You have a Diamond the size of a fist to sell? Sure – it’s worth a cool 250k, but there’s not a vendor in hundreds of miles that has that kind of liquidity
2. They tend not to change their prices based on circumstance.
I’ll buy a wolf hide for a gp, but bring me 62,418 wolf hides? I’m not giving you 62,418 gp!
3. Pricing and Arbitrage
How much is a short sword? Look it up in the Player’s Handbook!
We need to have starting equipment prices and it would be painful to have the players negotiate with the GM to acquire it, but at some point does it make sense for every vendor to charge and pay exactly the same prices?
Obviously, it doesn’t. Some vendors are better off than others, some have a wealthier clientele, some just plain don’t like you and won’t give you a good deal. The real question is, how fun is it to play in a game world where you’re getting different prices on all of your loot from different people? Do you want to keep track of the fact that the shop keeper in the Clergy District buys fruit at a 20% premium? Do you want to travel from city to city to find the best deals and buyers? And what’s the benefit of befriending a vendor? Will a vendor just GIVE you that axe in a time of need?
So, different prices, on one hand, give you some immersion in the game. Sally won’t buy bows, because she sells shields. Billy will buy shields for a premium, because their town lost the local shield maker. But it can also can turn into an annoyance for players! Do you remember what salt was selling for in Freemarch? We should have waited to sell it in Aberhelm! Too bad we didn’t find those silk scarves two weeks ago though, because if we had them in Brier Hollow we’d be getting 25% more for silk.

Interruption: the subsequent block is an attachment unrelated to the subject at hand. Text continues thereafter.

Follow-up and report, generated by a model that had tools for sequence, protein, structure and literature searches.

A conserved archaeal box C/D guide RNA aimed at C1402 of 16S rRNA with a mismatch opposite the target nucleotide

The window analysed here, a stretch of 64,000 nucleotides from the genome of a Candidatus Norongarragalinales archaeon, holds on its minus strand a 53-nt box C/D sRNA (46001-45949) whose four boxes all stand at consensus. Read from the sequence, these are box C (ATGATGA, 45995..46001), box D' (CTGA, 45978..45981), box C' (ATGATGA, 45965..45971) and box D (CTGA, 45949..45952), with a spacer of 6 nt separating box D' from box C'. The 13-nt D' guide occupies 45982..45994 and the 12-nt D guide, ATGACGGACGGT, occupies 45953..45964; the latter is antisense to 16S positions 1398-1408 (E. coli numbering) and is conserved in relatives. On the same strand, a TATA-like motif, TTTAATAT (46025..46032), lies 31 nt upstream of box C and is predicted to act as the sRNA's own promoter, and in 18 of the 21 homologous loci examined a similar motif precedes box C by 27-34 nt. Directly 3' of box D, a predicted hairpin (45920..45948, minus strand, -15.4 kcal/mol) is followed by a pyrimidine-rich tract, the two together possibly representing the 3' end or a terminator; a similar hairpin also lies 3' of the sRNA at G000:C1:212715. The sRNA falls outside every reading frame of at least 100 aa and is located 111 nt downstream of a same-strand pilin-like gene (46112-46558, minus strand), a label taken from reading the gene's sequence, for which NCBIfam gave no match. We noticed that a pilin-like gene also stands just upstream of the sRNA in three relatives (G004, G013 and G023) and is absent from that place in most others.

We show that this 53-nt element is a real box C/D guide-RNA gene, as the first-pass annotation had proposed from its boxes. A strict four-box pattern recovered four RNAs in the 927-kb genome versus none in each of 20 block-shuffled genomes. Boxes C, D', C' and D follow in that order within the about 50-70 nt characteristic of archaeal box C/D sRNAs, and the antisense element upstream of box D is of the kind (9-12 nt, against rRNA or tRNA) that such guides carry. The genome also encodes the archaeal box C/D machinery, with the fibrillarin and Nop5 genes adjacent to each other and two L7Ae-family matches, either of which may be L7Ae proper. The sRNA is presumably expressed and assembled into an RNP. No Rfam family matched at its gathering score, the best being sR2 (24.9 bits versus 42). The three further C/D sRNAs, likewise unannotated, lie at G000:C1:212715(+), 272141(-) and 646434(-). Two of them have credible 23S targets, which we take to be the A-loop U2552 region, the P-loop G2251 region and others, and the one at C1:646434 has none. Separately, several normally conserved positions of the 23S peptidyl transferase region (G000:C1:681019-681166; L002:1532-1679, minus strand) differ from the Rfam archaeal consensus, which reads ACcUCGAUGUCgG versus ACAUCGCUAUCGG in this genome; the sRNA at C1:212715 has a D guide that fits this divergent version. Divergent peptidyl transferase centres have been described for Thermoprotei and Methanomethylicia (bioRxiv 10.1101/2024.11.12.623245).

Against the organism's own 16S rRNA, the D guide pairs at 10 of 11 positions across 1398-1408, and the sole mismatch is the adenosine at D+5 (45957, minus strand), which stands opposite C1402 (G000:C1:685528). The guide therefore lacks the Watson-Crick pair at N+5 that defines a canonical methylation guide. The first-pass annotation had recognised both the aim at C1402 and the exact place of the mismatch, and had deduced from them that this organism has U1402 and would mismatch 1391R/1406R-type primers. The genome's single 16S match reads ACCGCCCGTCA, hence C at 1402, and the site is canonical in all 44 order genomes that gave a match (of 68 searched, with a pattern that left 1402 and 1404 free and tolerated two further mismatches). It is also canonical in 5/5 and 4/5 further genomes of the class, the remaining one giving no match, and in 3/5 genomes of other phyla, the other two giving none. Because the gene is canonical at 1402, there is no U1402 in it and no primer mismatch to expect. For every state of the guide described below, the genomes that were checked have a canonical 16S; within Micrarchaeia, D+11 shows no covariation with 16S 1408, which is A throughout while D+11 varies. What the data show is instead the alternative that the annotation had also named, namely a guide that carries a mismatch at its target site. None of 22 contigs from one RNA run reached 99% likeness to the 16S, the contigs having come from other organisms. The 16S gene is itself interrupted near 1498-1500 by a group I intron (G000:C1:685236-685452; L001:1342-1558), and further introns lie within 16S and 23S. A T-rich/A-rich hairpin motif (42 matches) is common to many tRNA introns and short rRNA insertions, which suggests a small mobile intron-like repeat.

Still, some of this is fun. You found a bottle of rare wine? Well, if you met and talked to the mayor you’d know he was a wine connoisseur and willing to pay out 4,000 gp for the wine that the local vendor doesn’t even recognize and is offering you 25 gp for. It’s interesting, I think, to make those connections with the world and have them turn into useful rewards. I think this has to be used sparingly though, maybe 2-5 specialty shops in the whole of a campaign, or else it turns into a scavenger hunt exercise.
So, for game design purposes, I think I’ll want to build a formal structure for a vendor to be something like:
[Purchase Cap per Item]
[Equipment Type A] [Sales Multiplier (1.5 – 3.0)] [Purchase Multiplier (0.1 – 1.3)]
[Equipment Type B] [Sales Multiplier (1.5 – 3.0)] [Purchase Multiplier (0.1 – 1.3)]
[Faction Adjustments (ex. Faction A: +0.1 Purchase Multiplier; or Faction B: Won’t Buy/Sell)]
* item value is based on 1.0 = common sales price of the item to a vendor (not retail price)
* Any equipment type not listed is purchased at multiplier of 0.1
And this vendor structure would basically be an optional rule for groups that wanted to see arbitrage like this in their game. If players hate the idea of going from town to town shopping for deals, it’s easy to set everything back to a base where you sell items to a vendor at value x1.0 and buy items from a vendor at value x2.0.
Also, I’m not sure what you all think should be the base price of the item: Sales Price, Purchase Price, or something in the middle like True Price. Technically, it doesn’t matter which is picked, but, essentially, would you rather be doubling or halving?